Common to the country, but rare for the city: an Amtrak train crosses the road in Downtown Milwaukee

Thursday, January 19, 2012

Milwaukee. Milwaukee? Milwaukee! Part 1 (Yes, this post is late.)

When I tell people that I went to Milwaukee over the weekend for fun, they give me this weird look. As if I am crazy. Why yes. I am.

A frozen Milwaukee River passing through the central core of the city


All the way back in September, when I was still in China, I realized that day-trips are

a) very achieveable in the US, with our wonderful cheap cheap bus system. Greyhound Express is amazing. It costs less to travel 250 miles roundtrip here than in Mainland China.

b) a great way to see different states/places - I did a fair few to the Philadelphia area when I was in high school and volunteering for Obama/looking at schools. It's a really nice way to get a taste of a different world and go to bed at home.

c) absurdly fun. I did some of these trips over the summer in China and had a blast. Guangzhou or Zhongshan, anyone?

So I decided to plan a day trip. Here's the thing: many of the places in the Midwest are either extremely seasonal (hiking, beaches, etc.) or a bit of a stretch for a day. Milwaukee nicely avoids that.

The original plan was to do it in the middle of autumn, but life happened. So I organized it for Martin Luther King Day and got three of my friends to come...

My friends waiting for a bus later on in the trip. Left to right: Douglas, Hillel, David


We took an early morning bus up to Milwaukee. Buses aren't really much to write home about, but the road is.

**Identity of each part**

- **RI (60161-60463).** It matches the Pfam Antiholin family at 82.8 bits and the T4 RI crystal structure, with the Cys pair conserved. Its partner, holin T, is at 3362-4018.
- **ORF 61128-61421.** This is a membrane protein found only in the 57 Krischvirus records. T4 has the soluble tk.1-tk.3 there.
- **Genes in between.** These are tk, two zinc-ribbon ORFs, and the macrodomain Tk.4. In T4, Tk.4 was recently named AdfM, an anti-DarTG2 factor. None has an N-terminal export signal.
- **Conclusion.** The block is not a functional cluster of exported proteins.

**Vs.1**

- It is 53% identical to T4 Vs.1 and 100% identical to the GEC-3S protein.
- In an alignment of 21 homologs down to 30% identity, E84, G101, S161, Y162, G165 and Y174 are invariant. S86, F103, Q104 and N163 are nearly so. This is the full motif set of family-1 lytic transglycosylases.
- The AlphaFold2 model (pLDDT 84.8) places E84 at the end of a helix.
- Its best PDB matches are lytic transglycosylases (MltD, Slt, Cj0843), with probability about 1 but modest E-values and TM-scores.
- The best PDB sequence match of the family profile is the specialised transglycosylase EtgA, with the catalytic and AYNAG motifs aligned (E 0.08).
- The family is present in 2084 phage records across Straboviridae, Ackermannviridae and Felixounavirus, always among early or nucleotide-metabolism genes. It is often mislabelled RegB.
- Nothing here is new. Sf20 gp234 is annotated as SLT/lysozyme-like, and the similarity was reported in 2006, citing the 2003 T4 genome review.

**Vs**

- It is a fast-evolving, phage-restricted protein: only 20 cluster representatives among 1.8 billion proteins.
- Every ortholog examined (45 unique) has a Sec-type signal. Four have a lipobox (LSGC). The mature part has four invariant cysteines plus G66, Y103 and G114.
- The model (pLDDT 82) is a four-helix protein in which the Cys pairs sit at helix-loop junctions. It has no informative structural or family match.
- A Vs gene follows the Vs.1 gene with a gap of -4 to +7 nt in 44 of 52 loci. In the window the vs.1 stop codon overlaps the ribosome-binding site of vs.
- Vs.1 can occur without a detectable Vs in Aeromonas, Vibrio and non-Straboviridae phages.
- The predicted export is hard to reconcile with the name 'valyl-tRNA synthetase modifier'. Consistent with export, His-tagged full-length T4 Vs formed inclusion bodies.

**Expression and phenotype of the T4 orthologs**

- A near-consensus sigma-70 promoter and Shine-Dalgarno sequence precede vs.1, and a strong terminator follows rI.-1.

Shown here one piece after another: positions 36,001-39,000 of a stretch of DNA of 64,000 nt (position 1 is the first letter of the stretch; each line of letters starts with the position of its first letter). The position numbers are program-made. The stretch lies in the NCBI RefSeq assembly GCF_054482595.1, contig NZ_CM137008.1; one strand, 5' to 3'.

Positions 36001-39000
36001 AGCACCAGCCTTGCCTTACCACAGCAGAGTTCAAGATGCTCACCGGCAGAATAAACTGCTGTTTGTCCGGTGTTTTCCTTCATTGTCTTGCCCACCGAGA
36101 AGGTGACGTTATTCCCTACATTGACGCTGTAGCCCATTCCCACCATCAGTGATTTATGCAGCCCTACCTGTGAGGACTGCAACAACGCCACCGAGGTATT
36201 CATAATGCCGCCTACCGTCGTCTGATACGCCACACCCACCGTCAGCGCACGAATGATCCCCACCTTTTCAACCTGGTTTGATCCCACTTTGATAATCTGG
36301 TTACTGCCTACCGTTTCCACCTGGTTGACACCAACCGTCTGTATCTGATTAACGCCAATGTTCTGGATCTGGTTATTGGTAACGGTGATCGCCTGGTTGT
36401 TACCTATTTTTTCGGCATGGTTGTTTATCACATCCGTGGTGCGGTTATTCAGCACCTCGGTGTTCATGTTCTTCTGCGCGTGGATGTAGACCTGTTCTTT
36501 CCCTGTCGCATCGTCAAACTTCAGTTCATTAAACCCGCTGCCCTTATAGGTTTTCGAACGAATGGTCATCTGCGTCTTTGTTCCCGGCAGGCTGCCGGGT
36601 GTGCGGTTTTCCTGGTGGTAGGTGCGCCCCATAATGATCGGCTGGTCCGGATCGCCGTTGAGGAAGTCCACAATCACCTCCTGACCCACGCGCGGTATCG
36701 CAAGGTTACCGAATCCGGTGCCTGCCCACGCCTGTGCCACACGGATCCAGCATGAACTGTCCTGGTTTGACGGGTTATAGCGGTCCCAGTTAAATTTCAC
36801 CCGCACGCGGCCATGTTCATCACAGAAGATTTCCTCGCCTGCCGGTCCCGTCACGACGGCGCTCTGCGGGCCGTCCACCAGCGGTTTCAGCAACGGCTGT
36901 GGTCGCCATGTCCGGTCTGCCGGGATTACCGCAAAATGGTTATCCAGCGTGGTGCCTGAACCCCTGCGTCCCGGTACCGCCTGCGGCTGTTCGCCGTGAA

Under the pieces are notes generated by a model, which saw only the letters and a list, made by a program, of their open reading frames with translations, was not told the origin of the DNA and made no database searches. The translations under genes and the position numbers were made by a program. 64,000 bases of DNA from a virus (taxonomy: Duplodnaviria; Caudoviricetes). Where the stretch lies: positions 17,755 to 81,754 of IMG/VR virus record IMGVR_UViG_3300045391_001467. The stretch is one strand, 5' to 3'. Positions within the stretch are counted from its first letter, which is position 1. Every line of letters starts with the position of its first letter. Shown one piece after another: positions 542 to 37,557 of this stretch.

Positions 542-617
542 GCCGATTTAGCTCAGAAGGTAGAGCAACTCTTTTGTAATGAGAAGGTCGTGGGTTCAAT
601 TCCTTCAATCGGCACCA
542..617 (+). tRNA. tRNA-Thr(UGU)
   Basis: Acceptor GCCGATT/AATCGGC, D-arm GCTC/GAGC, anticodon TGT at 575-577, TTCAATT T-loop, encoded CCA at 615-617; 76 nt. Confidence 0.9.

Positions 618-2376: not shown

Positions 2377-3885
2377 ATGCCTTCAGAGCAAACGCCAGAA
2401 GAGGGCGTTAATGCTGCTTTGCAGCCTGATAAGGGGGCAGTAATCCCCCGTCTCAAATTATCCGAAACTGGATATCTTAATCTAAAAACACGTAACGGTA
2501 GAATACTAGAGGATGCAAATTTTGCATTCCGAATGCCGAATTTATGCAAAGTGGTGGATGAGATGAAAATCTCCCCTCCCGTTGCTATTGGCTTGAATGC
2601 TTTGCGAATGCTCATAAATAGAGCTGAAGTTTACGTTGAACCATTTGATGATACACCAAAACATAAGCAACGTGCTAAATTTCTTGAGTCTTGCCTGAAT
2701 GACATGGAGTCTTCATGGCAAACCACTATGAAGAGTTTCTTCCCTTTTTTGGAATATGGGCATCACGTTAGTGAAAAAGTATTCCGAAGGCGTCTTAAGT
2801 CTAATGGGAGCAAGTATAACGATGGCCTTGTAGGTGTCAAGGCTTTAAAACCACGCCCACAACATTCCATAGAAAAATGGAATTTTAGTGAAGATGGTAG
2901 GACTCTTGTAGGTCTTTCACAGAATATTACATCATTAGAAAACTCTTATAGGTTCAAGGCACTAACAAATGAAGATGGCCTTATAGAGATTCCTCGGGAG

Firstly: you know you're in Wisconsin because, suddenly, the road quality becomes fantastic. The highway up in Kenosha County is ridiculously smooth, and the ride doesn't bump pretty much until you hit Milwaukee.

Secondly: CHEESE.

I totally understand now why people talk about cheese and Wisconsin together. The state is literally bleeding cheese.  On the highway, you see things like a giant billboard that just says CHEESE, and then you see establishments like this:

Mars Cheese Castle, in Kenosha, WI. Jay Stanton told me that his parents would make pit stops here on the way back from Jewish camps so as to provide some entertainment.

Thirdly: there is a really sharp line between Illinois and Wisconsin, and that is in football. I hate the sport, but I can't help but notice the sheer proliferation of Green Bay Packers paraphernalia all over the state. On the flyover into Downtown Milwaukee, I saw a flag for the Packers that was at least eight by twelve. Truly enormous.


We got into the bus station at about ten-thirty, and went about first exploring a little bit of Milwaukee's central city.